Oh, Help - how to cut masonite!??!


SGF, Supreme Grumble Framer
Jun 13, 2002
Fingerlakes Region of NYS
I mismeasured a double moulding for a portrait and need to trim the portrait that is mounted to masonite (by the photographer)...


How can I do this without ruining the portrait.

I have a Fletcher 3000 - but I don't think that'll cut masonite?!?

Rattled Roz

I did the same thing earlier this week. I had a rush order that included a deep scoop linen liner from one frame supplier and a stacked frame from another supplier on 2 large canvasses. I measured the canvasses, measured the foot of the liner to find out how much allowance to give for the stacked frames, and ordered everything UPS red label. Now you have to consider that the liner chops are coming from supplier A and both sets of frames are coming from supplier B and both suppliers are relying on MY accuracy with the measurements!

Everything came in Tuesday and the liners fit the canvasses perfectly! End of the good news!! The frames were 1/4" too short for a proper fit on the liners!! I called the supplier frantically and nobody had any ideas other than to red tag another set of long legs in for each frame and cut the short legs out of the long legs that I already had in the shop.

That would have killed my profit on this job so I decided to try something out of the box. Luckily the inner frame of the stacked frame combination was beefy enough and wide enough that I had an option to try. I set my table saw to the depth of the rabbet of the inner frame and shaved about 1/8" off each leg of the smaller frames from the bottom up. In other words, I added 1/8" to the horizontal size of the rabbet thus making the opening of the joined frame 1/4" larger. After dry checking to ensure that I allowed enough room for proper fitting, I joined the frames and they fit the liners like a glove!! And the outer frames were already chopped to fit the outside of the inner frames so they were a sure fit from the get go.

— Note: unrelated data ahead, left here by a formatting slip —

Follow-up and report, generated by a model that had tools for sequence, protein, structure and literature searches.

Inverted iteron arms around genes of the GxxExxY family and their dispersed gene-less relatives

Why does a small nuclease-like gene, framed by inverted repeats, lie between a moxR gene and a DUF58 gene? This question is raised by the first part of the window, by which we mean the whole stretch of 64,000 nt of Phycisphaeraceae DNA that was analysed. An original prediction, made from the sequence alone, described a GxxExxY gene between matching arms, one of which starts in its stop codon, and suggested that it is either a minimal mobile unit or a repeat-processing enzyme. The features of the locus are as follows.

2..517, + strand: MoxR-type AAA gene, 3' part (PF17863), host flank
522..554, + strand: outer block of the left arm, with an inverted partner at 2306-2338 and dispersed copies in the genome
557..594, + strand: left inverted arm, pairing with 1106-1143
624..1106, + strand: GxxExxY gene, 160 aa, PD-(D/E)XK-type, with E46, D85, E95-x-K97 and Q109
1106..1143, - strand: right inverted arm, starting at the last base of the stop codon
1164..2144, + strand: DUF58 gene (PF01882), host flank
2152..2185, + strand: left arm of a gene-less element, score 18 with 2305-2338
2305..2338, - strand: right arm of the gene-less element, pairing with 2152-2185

Bottom line, Roz, if you have a table saw and enough wood on your mouldings to widen the rabbet enough to accept the masonite, you could try the same technique. It may be better than cutting down the artist's mount board and possibly damaging something in the process.

(And ripping almost 4' long moulding in this manner does tend to separate the big dogs from the house pets!!)

(Picture that l'il guy with a stump for a thumb!)

Good luck, gal.

Framerguy -

Sorry about your project.

No table saw here - and not enough wood on the liner to accomodate even if I did!

I have a bud in the area - but my worry is damaging the portrait that is already mounted - eeee...

Masonite is just a bunch of layers of woody/pulpy/yukky stuff - can't be impossible to cut through - can it?
If that's your only recourse, I'd use a very fine toothed blade and run the masonite through a table saw to shave down enough from the edges of the portrait to fit into the frame.

You won't harm the portrait if you keep it face up on the table saw table. And a fine tooth blade will give you a clean cut on the masonite.

Good cutting.



Make sure that your blade is very sharp!! Masonite doesn't respond well at all to dull saw blades.
Originally posted by Rozmataz:
Framerguy -

Sorry about your project.


No sorry involved here!! :cool:

That idea saved my butt and put nearly $1300 in my pocket from an ex-pro football player who was the subject of the canvasses. His girlfriend brought them in and price wasn't an issue at all. She had to have them this week and I did what had to be done to accommodate her wishes. BTW, it was her idea to Red Label the moulding in!! She paid for the shipping and the rush to get the job done.

Roz -
If you are considering cutting the portrait, why not ask the photographer to do it - better that he/she screws it up than you ;)
That said, if it's a case where you needed it yesterday - - - I would first score a line (using a new blade in your 3000) on the portrait side - use a slip sheet between the clamp and the face of the photograph. You could then make several cuts through the masonite, but it will take all day. Or use a circular saw to trim the masonite - be careful again to protect the surface of the print. It's also going to be very dusty - so do it outside.
Actually, I would probably admit to the screw-up w/ the frame and just ask them to wait for the new moulding to come in.
I have cut masonite with the straigth edge cutter on my C&H. You got to take a lot of passes to get it to cut through, but it is a little safer than running the masonite through a table saw.